The panel held that DaVinci's abuse of process claim was barred by section 2680(c) of the FTCA, which bars any "claim arising in respect of . . . the detention of any goods, merchandise, or other property by any officer of customs or excise or any other law enforcement officer." 26 U.S.C. § 2680(c). The panel held that the exception applied even though the antennas were permanently, rather than temporarily, detained; and applied whether or not the property was seized as a part of a criminal investigation. The panel further held that because the antennas were not seized "solely" for the purpose of forfeiture, paragraphs (1)-(4) to section 2680(c) through the Civil Asset Forfeiture Reform Act of 2000 did not rewaive sovereign immunity to allow DaVinci's abuse of process claim. The panel held that the same logic applied to prohibit DaVinci's conversion claim because it was based on the allegedly illegal seizure of goods.

The panel held that at the very least, DaVinci could seek reimbursement for the price it paid for the antennas at the Court of Federal Claims. The panel further held that DaVinci could proceed in the Court of Federal Claims under the Tucker Act through a takings claim under the Fifth Amendment.

DaVinci sued individual defendants in their individual capacities. The panel held that because DaVinci voluntarily dismissed the case against the three named individuals and never amended the complaint to include any others, DaVinci's Bivens claims against the individual defendants were not part of this appeal and did not exist. The panel further held that the only remaining defendant remaining was the United States, and the district court properly dismissed the Bivens claims against the United States for lack of subject matter jurisdiction.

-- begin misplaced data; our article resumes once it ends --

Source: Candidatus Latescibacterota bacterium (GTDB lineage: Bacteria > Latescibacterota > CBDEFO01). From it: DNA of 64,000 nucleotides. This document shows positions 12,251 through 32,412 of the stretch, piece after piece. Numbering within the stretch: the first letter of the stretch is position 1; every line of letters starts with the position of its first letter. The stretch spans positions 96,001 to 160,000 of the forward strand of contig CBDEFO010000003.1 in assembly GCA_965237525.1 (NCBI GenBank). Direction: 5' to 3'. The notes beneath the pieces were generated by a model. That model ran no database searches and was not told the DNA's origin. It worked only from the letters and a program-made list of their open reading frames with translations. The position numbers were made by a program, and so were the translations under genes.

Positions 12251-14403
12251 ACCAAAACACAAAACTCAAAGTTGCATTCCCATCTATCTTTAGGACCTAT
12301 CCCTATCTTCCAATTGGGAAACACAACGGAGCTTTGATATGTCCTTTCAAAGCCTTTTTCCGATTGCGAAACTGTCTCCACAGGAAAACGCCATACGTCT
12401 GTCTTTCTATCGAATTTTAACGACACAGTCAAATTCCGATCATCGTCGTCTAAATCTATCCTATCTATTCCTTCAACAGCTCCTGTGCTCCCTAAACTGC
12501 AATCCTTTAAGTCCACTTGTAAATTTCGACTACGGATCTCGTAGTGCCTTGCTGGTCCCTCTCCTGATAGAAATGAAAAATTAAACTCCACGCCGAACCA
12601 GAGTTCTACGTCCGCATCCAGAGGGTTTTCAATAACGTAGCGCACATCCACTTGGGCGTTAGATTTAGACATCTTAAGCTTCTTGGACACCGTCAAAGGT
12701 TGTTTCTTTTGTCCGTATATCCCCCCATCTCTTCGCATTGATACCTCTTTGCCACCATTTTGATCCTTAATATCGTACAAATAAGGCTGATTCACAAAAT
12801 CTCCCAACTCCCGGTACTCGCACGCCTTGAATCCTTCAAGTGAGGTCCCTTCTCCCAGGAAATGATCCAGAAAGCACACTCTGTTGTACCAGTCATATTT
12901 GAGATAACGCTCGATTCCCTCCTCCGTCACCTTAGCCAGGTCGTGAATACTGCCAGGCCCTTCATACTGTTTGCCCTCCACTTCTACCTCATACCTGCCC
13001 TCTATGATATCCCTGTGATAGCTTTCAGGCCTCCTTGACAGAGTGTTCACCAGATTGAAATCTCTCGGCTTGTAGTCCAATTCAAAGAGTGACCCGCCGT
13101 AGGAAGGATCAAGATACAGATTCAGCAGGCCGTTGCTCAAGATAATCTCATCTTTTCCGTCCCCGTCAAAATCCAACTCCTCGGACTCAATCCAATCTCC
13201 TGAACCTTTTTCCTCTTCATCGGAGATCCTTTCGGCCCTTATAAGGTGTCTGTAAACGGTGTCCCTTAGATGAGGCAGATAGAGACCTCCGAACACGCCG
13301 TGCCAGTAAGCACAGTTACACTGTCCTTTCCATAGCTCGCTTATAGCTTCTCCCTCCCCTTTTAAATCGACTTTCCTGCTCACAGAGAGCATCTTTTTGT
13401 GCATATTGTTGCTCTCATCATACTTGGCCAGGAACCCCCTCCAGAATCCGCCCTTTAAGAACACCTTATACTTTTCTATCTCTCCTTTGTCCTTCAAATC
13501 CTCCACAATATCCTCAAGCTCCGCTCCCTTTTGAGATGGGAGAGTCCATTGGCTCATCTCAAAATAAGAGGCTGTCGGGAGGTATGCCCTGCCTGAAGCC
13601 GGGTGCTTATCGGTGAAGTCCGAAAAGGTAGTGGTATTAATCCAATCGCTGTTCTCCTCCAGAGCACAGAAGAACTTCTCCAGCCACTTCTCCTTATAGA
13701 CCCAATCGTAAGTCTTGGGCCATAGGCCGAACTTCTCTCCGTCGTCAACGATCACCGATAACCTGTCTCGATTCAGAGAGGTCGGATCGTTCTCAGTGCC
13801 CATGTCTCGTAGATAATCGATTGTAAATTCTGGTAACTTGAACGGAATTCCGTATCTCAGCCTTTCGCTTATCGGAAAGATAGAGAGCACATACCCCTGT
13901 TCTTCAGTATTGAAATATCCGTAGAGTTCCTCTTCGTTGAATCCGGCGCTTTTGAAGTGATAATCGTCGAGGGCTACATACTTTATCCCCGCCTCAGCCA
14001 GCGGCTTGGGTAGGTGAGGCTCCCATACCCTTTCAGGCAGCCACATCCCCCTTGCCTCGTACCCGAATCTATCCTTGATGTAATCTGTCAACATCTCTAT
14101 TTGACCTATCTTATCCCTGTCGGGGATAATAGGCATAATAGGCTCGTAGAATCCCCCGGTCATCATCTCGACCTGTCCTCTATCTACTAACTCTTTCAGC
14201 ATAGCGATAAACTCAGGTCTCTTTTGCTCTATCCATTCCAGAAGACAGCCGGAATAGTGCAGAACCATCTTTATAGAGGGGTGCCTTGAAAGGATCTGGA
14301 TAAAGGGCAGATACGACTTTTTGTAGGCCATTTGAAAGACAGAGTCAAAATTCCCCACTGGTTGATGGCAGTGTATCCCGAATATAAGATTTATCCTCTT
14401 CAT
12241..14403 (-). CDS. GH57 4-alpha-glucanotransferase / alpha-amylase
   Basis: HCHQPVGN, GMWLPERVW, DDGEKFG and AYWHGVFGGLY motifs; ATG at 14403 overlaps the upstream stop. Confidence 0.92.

OPINION

PAEZ, Circuit Judge

In 2014, United States Air Force agents seized ten military Global Positioning System ("GPS") antennas from DaVinci Aircraft, Inc. ("DaVinci"), allegedly under the guise of the Espionage Act, 18 U.S.C. § 793. DaVinci responded by filing this action alleging conversion and other common law tort claims against the United States and several U.S. Air Force employees. DaVinci seeks damages under the Federal Tort Claims Act ("FTCA"), ch. 753, Title IV, 60 Stat. 842 (codified as amended in scattered sections of 28 U.S.C.), and Bivens v. Six Unknown Named Agents of Federal Bureau of Narcotics, 403 U.S. 388 (1971).

The FTCA allows parties to pursue certain claims against the United States in federal court for injury arising out of the negligent or wrongful conduct of any federal employee acting within the scope of the employee's employment. See 28 U.S.C. §§ 1346(b)(1), 2674, 2679(b)(1). This waiver of sovereign immunity is significant but limited with certain exceptions. See 28 U.S.C. § 2680. Separately, the Tucker Act grants exclusive jurisdiction to the Court of Federal Claims for actions "sounding in contract" against the United States. Snyder & Associates Acquisitions LLC v. United States (Snyder), 859 F.3d 1152, 1156 n.2 (9th Cir.), opinion amended on reh'g, 868 F.3d 1048 (9th Cir. 2017) (citing 28 U.S.C. § 1491(a)(1)). In this case, we must delineate between claims that must be filed in the district court and those that must be filed in the Court of Federal Claims.